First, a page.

On top of that, as Cllr John Williams outlined in his introductory speech, Darlington is independently rated as a 4 star Council, and was recently judged as 'excellent' for delivering value for money services. We still have the lowest Council Tax in the North East, whilst continuing to deliver a high level of care to vulnerable adults and disabled people for example, at a time when most councils are providing 'last resort' services only.

The plans include £108 million of capital to be invested over the next 4 years, including the rebuilding of Hummerknott School and North Road Primary, £6 million on sheltered housing accommodation and £3 million each year on highways.

The major debate was between Labour and the Tories, although as I shall blog later, there was a fascinating frisson at the end in the wake of a LibDem amendment.

For the Tories, Cllr. Charles Johnson's speech was as much about damage limitation as anything. In response to Labour's draft budget, the Tories had initially come up with a plan which magically involved restoring cuts whilst reducing Council Tax by making some airy-fairy promises about reducing waste. When Town Hall officers said that the Conservatives' proposals were in effect so vague as to be meaningless, Charles endured a torrid time at Cabinet when he not only refused to answer questions about their plans - he wouldn't defend them either.

Fortunately, by the meeting this evening the Council's financial position looked a little rosier, so the Tories could afford to ditch the most of their earlier proposals. That still left Charles arguing somehow that whilst a 4.9% increase as planned by Labour was monstrously iniquitous, somehow his own party's 3.9% was a model of prudence.

Labour's listening blitz left the Tories trying to work themselves into a lather about the Council Tax increase which rang hollow. As Cllr Steve Harker pointed out, the difference between Labour and the Tories' plans amounted to 14p a week as far as the rise in Council Tax was concerned. The debate ended not with a bang, but a whimper.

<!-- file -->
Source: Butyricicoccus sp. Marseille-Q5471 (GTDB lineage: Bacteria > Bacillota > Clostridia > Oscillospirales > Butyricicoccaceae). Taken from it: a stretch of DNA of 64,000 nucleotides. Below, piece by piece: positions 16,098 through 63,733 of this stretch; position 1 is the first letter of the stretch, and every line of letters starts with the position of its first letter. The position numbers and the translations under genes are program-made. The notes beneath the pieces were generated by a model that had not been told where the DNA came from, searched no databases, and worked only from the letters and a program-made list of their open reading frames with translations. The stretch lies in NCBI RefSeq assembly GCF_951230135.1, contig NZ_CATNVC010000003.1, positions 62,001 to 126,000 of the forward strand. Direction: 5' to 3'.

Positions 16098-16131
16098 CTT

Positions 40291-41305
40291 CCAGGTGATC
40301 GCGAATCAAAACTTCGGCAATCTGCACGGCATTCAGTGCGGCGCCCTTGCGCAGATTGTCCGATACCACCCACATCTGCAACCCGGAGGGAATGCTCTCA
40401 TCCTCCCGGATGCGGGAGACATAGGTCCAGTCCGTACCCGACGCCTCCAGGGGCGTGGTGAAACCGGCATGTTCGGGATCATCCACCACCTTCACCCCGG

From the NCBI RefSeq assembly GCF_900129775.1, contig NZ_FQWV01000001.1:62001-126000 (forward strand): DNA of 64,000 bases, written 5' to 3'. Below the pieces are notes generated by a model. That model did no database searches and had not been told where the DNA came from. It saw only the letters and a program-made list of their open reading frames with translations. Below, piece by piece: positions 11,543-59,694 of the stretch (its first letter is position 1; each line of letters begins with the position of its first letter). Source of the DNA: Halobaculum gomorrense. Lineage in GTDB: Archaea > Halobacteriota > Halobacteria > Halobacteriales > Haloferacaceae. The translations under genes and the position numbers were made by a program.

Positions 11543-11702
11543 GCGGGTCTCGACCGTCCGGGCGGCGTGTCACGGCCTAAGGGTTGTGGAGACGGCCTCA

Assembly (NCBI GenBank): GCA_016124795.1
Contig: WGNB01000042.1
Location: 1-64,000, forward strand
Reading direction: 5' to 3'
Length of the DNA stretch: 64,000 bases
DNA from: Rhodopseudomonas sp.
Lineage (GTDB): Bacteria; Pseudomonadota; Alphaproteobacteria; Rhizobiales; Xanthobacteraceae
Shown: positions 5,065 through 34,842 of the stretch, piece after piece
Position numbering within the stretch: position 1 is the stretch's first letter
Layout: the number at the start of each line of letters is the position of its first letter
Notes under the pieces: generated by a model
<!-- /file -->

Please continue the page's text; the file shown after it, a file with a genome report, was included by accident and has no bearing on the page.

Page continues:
Wednesday, February 20, 2008

Supporting our Post Offices

As you may have seen in the Echo, the Royal Mail plans to close 5 Post Offices in the Borough - at Hopetown, Cleveland Terrace and Pierremont Crescent in the urban area and Heighington and Hurworth Place in the rural area. You may have also seen (on an, ahem, less well-informed site) that the Council did not oppose the closures - as you might expect, I've checked this out, and been told this by the Chief Executive;

We've done some more back tracking of correspondence from the Post Office about the change programme. We can find no record of having been forewarned or consulted previously on the Post Offices earmarked for closure in the papers received last week. We have had correspondence inviting general views and I've got a reply here from March last year that says that Darlington BC would not support PO closures.

Towards the end of October last year we were invited to let the post office know of plans for regeneration schemes, bus/road schemes that could affect Post Offices in our area. It was an information request, not consultation on potential closures. It is not easy to see how the regeneration plans we have would have impacted upon the closure proposals we've received.